Falling trees a danger now in Black Hills forestMay 30, 2013 The Associated Press
RAPID CITY, S.D. -- Falling trees pose an increasing threat to hikers, bikers, campers and others in the Black Hills National Forest of northeastern Wyoming and western South Dakota, and U.S. Forest Service officials are giving a literal "heads-up" warning to recreationists.
Pine trees killed by mountain pine beetles on hundreds of thousands of acres are decaying and becoming more likely to tumble.
Windy days are particularly dangerous, but trees can fall at any time in any conditions, said Dave Slepnikoff, resource staff officer for the Mystic Ranger District in Rapid City, S.D.
"Don't keep your eyes on the ground out there," Slepnikoff said. "Please look up, be aware of your surroundings, and use caution when entering the Black Hills National Forest this spring and summer."
In Wyoming, forest use often is heaviest in are around Sundance and Devils Tower National Monument. The beetle-kill problem is worse on the South Dakota side, but significant tree damage exists on the Wyoming side as well.
The Forest Service has removed some potentially dangerous trees near campgrounds and other high-traffic areas. The agency also has had success in spraying trees in those recreation areas to protect them from pine beetle attacks, but federal funding is a continuing challenge.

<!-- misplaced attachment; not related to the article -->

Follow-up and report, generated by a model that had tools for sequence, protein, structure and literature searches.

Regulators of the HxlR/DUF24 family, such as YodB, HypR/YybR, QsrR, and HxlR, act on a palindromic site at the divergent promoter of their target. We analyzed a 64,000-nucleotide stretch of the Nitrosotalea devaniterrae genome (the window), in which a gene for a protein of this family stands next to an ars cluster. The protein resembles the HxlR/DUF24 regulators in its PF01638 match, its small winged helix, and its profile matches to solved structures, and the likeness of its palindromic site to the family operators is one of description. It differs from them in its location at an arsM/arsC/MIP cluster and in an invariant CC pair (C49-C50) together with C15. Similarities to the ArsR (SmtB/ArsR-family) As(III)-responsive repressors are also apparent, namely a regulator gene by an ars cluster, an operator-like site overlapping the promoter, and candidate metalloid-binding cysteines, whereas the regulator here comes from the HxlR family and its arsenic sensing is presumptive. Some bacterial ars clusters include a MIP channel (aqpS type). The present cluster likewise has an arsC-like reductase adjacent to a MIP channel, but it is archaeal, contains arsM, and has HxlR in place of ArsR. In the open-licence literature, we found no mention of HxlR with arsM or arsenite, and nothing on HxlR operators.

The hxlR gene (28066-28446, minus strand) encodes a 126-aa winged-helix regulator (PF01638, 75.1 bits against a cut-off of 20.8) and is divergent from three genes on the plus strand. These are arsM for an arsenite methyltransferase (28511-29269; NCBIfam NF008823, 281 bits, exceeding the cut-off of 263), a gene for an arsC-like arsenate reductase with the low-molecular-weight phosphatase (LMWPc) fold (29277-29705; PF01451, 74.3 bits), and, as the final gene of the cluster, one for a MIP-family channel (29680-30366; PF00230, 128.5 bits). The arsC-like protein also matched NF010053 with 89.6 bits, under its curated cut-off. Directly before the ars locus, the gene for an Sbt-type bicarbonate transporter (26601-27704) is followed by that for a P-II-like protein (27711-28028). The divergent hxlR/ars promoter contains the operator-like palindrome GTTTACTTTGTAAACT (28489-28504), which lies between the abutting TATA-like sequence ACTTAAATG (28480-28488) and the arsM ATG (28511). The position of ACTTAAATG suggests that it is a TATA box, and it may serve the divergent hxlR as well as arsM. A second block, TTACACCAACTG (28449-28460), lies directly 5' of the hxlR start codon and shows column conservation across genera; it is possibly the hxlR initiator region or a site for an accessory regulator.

Because of that, volunteers have been especially helpful in clearing hiking trails, trail heads and other areas where spring snowstorms and strong winds knocked down trees.
Trails on the north and west sides of Harney Peak were among the hardest hit, but "dead trees can fall at any time and there is potential for trails to be blocked," said Dave Pickford, recreation specialist for the Hill Canyon Ranger District in Custer, S.D.
Last weekend, volunteers from the Black Hills Back Country Horsemen joined members of a Forest Service fire crew and Custer County Search and Rescue personnel in clearing fallen trees from some recreational trails.
"We were just sitting in camp and trees were falling up above us, and there was no wind," said Doug Bechen of Whitewood, a spokesman for the 80-member horsemen's group. "They were just falling. It's a dangerous deal, and we wish we could do more."